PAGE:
Do the little Boston terriers on these pajamas and socks from department store Kohl’s look familiar? They should: you may have seen them on your Facebook feed, posted as a public service announcement by a dog-loving friend. Or maybe you’ve seen a strikingly similar dog the last time you shopped at Kohl’s, on some super cute pajamas and socks. Here’s the thing: the artist didn’t authorize that use of her drawings.
The drawings on the clothing items come from an educational graphic explaining dog body language (yes, there’s also one for cats) that is available to download for free… under a non-commercial Creative Commons license. You can’t use it to make money (say, printing it on some socks to sell) or make derivative works from it (say, printing it on some socks to sell).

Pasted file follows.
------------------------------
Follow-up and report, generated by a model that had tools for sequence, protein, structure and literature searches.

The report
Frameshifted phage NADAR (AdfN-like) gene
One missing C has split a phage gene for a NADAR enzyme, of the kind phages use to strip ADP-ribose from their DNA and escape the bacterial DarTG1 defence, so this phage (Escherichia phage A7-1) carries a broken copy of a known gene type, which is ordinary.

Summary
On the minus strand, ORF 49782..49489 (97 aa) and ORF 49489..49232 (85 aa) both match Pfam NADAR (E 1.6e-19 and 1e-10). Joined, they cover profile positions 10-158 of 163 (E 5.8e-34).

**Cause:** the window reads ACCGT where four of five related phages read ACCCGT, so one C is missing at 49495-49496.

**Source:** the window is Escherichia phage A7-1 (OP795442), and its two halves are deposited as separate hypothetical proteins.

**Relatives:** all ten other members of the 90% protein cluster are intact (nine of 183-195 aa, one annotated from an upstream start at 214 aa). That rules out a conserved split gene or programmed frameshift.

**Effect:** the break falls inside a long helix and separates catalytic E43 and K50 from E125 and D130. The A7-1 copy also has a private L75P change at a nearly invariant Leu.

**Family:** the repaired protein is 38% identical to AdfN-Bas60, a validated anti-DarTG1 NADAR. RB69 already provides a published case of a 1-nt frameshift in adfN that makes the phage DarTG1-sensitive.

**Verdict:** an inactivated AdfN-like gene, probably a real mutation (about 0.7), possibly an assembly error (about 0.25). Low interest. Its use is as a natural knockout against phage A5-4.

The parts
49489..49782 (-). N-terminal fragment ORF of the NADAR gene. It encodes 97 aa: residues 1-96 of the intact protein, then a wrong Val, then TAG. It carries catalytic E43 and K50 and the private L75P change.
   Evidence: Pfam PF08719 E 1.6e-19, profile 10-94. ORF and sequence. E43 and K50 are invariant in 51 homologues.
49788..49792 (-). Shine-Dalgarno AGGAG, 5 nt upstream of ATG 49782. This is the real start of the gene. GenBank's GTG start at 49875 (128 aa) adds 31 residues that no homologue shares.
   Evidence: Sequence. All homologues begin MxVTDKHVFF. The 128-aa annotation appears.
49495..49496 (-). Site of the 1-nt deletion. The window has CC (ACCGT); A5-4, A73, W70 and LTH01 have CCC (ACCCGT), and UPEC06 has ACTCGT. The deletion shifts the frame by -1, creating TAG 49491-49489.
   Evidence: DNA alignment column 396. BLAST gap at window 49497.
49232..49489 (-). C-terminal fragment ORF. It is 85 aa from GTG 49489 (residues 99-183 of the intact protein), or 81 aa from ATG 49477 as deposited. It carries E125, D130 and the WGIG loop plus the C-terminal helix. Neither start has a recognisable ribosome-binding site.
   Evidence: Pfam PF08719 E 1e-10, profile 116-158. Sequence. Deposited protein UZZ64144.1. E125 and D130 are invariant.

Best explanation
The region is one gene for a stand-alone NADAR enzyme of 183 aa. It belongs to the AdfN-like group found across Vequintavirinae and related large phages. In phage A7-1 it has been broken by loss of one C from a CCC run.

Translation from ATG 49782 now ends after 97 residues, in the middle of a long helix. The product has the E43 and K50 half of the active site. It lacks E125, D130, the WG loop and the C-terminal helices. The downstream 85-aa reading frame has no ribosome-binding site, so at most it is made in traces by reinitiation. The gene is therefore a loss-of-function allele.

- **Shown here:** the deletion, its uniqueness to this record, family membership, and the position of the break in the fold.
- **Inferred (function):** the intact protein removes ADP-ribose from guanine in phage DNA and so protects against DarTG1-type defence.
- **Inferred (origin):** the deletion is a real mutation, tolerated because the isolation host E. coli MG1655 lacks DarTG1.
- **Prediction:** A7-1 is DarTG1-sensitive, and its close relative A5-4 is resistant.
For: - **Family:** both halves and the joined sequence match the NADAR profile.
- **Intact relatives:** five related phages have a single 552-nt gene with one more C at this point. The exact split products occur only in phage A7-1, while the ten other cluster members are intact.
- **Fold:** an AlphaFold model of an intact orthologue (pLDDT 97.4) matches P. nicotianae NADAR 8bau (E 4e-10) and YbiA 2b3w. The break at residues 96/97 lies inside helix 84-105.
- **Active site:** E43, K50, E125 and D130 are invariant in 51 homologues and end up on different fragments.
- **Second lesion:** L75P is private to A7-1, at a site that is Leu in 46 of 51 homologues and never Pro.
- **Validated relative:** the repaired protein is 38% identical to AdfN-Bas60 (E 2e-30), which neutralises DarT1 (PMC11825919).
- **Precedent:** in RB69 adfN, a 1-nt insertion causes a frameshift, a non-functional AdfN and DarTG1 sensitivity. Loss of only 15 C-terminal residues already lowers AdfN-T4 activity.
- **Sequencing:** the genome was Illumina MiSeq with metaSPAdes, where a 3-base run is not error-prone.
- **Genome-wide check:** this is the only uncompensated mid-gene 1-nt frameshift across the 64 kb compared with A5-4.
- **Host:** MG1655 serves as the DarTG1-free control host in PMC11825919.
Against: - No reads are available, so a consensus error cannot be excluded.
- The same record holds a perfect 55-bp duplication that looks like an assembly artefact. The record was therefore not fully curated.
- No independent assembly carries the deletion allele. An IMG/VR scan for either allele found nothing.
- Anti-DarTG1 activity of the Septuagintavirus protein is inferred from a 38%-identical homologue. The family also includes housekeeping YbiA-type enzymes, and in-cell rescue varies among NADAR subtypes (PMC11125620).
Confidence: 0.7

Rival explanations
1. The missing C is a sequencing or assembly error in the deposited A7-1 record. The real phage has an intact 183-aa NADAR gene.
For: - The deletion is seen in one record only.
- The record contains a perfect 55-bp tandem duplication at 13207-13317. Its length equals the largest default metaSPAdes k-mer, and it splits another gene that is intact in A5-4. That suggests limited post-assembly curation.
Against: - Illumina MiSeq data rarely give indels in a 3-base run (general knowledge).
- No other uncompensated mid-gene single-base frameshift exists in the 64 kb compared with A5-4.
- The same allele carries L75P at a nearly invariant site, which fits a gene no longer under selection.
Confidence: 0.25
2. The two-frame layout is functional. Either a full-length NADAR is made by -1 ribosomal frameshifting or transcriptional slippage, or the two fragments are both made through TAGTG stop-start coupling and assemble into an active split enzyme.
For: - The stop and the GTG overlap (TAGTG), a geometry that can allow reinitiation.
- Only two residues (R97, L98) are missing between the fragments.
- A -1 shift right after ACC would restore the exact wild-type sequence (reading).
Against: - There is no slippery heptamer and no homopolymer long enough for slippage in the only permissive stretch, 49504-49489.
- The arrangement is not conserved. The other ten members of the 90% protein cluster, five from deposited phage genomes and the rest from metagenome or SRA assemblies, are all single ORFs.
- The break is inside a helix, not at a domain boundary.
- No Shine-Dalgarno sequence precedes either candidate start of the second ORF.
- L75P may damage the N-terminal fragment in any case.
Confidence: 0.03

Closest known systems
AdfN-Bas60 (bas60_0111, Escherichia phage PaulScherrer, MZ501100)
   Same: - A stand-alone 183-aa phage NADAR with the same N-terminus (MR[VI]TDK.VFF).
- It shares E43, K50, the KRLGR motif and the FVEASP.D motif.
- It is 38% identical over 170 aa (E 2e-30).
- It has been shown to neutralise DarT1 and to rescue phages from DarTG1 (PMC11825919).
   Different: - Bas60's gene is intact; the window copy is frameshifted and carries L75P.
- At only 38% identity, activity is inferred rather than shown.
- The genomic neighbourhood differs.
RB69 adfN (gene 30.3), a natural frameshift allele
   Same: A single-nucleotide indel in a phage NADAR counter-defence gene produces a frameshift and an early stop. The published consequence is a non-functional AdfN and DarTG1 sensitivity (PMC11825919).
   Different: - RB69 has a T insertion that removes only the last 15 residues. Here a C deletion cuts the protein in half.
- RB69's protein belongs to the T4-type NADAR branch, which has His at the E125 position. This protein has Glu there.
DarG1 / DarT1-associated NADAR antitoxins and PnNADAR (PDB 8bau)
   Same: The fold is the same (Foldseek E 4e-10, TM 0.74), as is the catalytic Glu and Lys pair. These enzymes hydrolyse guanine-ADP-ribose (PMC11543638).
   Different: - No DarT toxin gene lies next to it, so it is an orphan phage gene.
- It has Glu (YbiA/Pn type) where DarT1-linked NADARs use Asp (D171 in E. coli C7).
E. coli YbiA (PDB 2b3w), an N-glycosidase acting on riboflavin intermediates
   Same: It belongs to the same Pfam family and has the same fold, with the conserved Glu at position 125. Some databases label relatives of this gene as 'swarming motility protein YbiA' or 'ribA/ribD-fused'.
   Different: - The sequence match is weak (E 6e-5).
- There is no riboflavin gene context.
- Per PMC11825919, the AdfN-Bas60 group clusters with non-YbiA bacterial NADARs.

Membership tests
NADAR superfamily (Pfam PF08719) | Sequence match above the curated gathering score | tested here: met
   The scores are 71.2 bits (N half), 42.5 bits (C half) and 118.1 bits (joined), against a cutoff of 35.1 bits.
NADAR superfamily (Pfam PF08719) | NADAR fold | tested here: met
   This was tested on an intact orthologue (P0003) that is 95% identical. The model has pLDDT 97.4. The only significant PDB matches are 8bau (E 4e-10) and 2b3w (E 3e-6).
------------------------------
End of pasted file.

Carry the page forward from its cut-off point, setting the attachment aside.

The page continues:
Here’s that dog body language poster:
In her complaint, filed in federal court, Chin helpfully rotated her drawings from the poster and matched them with their counterparts on the clothing items. The socks came from K.B. Socks, a Kohl’s supplier.
Chin says in her complaint that she’s known about the items since April 2016, and that she contacted Kohl’s about the items repeatedly with no response. Her fans even assumed that she had licensed the poster for use. Nope, she says, and finally turned to the media to make her case.
We learned about the derivative doggies from Jezebel.
“Independent artists like Ms. Chin rely on licensing revenues from their artwork,” her attorney notes in the initial complaint [PDF]. “The ability of artists to license and control the commercial use of their artwork is critical for their
careers and livelihoods, and is a key right bestowed on artists under the Copyright Act.”